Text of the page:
Day three began at Marco Island's Tigertail Beach, one of the finest and most underrated shorebird sites on the East Coast. Here we had wonderful comparisons of Piping, Snowy, Semipalmated, and Wilson's plovers along with a fine diversity of other shorebirds. After seeing a Burrowing Owl peer out of its hole, we left Marco Island and headed east, stopping first at Collier-Seminole State Park where we found our first Short-tailed Hawk, along with a nice selection of butterflies including Fulvous Hairstreak, Mangrove Buckeye, and Hammock, Long-tailed, and Salt Marsh skippers. Later we enjoyed a relaxed visit to Sweetwater Strand, one of the most enchanting spots in all of Florida. Here, in the cypress swamp, we enjoyed listening to the eerie croaks and grunts of ibis, storks, herons, and Anhingas, and the popping and splashing of fish. A few butterflies here were highlighted by our only Tree-spotted Skipper of the tour.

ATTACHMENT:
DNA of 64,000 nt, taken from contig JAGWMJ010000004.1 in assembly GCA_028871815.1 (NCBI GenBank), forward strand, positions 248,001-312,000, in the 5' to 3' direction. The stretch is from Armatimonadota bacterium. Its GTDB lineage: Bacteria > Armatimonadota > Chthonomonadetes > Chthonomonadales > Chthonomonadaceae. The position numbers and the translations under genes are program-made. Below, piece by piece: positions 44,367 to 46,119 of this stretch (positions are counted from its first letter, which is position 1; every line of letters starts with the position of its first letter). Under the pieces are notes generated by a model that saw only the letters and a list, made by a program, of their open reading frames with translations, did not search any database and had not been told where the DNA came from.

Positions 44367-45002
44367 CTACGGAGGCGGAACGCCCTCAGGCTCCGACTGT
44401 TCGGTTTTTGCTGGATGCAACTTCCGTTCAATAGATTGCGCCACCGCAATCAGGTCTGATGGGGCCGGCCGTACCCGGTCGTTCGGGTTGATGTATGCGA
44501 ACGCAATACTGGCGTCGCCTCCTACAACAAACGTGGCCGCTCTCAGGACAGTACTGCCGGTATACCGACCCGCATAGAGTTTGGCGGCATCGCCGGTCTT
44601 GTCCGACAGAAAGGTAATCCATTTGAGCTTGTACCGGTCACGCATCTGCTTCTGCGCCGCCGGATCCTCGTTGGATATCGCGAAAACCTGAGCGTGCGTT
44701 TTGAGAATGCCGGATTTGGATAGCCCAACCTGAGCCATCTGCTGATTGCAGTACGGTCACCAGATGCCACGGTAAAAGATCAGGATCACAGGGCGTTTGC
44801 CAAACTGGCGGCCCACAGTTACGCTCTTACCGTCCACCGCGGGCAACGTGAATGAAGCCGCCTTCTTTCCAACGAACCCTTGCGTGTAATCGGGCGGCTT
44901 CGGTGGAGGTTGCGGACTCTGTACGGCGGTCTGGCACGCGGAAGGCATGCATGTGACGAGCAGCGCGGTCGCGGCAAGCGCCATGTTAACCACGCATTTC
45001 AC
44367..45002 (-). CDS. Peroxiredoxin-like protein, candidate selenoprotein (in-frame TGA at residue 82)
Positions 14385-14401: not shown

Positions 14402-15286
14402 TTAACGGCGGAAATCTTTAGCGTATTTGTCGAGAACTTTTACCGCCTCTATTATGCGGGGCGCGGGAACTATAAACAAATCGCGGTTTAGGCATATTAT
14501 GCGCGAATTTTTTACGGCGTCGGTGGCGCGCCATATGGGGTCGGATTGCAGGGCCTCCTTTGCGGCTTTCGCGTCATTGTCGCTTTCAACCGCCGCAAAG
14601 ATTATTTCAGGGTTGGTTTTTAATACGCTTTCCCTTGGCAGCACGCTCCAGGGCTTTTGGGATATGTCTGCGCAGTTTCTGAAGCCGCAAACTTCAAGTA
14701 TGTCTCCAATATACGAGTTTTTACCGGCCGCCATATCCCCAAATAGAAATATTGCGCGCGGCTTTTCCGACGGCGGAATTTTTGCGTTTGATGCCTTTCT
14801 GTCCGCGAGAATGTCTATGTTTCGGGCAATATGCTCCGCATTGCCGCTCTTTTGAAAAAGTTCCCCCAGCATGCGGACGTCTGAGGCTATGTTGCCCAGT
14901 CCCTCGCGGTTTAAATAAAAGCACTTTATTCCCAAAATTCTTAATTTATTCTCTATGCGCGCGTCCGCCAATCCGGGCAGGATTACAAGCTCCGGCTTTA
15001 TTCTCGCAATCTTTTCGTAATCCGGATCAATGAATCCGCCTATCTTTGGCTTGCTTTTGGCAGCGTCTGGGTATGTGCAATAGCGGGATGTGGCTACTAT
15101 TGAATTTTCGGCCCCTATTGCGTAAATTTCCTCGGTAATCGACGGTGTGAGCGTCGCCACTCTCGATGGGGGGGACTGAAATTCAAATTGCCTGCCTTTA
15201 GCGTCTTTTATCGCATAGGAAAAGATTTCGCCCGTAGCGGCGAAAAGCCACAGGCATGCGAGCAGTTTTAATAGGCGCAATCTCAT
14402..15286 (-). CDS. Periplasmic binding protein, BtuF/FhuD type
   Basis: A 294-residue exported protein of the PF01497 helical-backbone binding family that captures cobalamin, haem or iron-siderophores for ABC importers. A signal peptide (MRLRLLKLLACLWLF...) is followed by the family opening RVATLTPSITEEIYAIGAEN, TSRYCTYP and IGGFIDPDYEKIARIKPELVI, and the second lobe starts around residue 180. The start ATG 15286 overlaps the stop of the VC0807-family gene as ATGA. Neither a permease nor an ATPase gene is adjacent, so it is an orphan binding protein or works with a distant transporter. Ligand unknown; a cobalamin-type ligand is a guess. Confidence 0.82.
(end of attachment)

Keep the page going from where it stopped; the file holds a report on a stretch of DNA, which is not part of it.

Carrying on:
We had two full days to enjoy the riches of Everglades National Park. We began outside the park at "Lucky Hammock," which lived up to its name with sightings of Merlin, Cave Swallow, and several species of warblers. An American Bittern, several close Short-tailed Hawks, a pair of hooting Barred Owls, and a sunning Viceroy were just a few of the highlights at Anhinga Trail. A visit to Paurotis Pond was rewarded by nice views of Roseate Spoonbills. Our second morning began at Snake Bight Trail where we saw our first Great White Heron, a few warblers, several Common Ground-Doves, an unusually long-billed Yellow-bellied Sapsucker, and a mass of wading birds at the end (but, alas, no flamingos). Butterflies were numerous in the Flamingo area and, among dozens of Great Southern Whites, Zebras, and Mangrove Buckeyes, highlights included Silver-banded Hairstreak, Eastern Pygmy-Blue, Dorantes Longtail, and Monk Skipper. At the Flamingo marina, we saw three basking American crocodiles and watched a juvenile Brown Pelican consume a huge snapper in a single gulp, then proceed to smash his pouch against a wall, apparently in order to subdue the fish! On the flats behind Flamingo, we saw swarms of pelicans, gulls, skimmers, and shorebirds erupt into the air when a Peregrine buzzed by.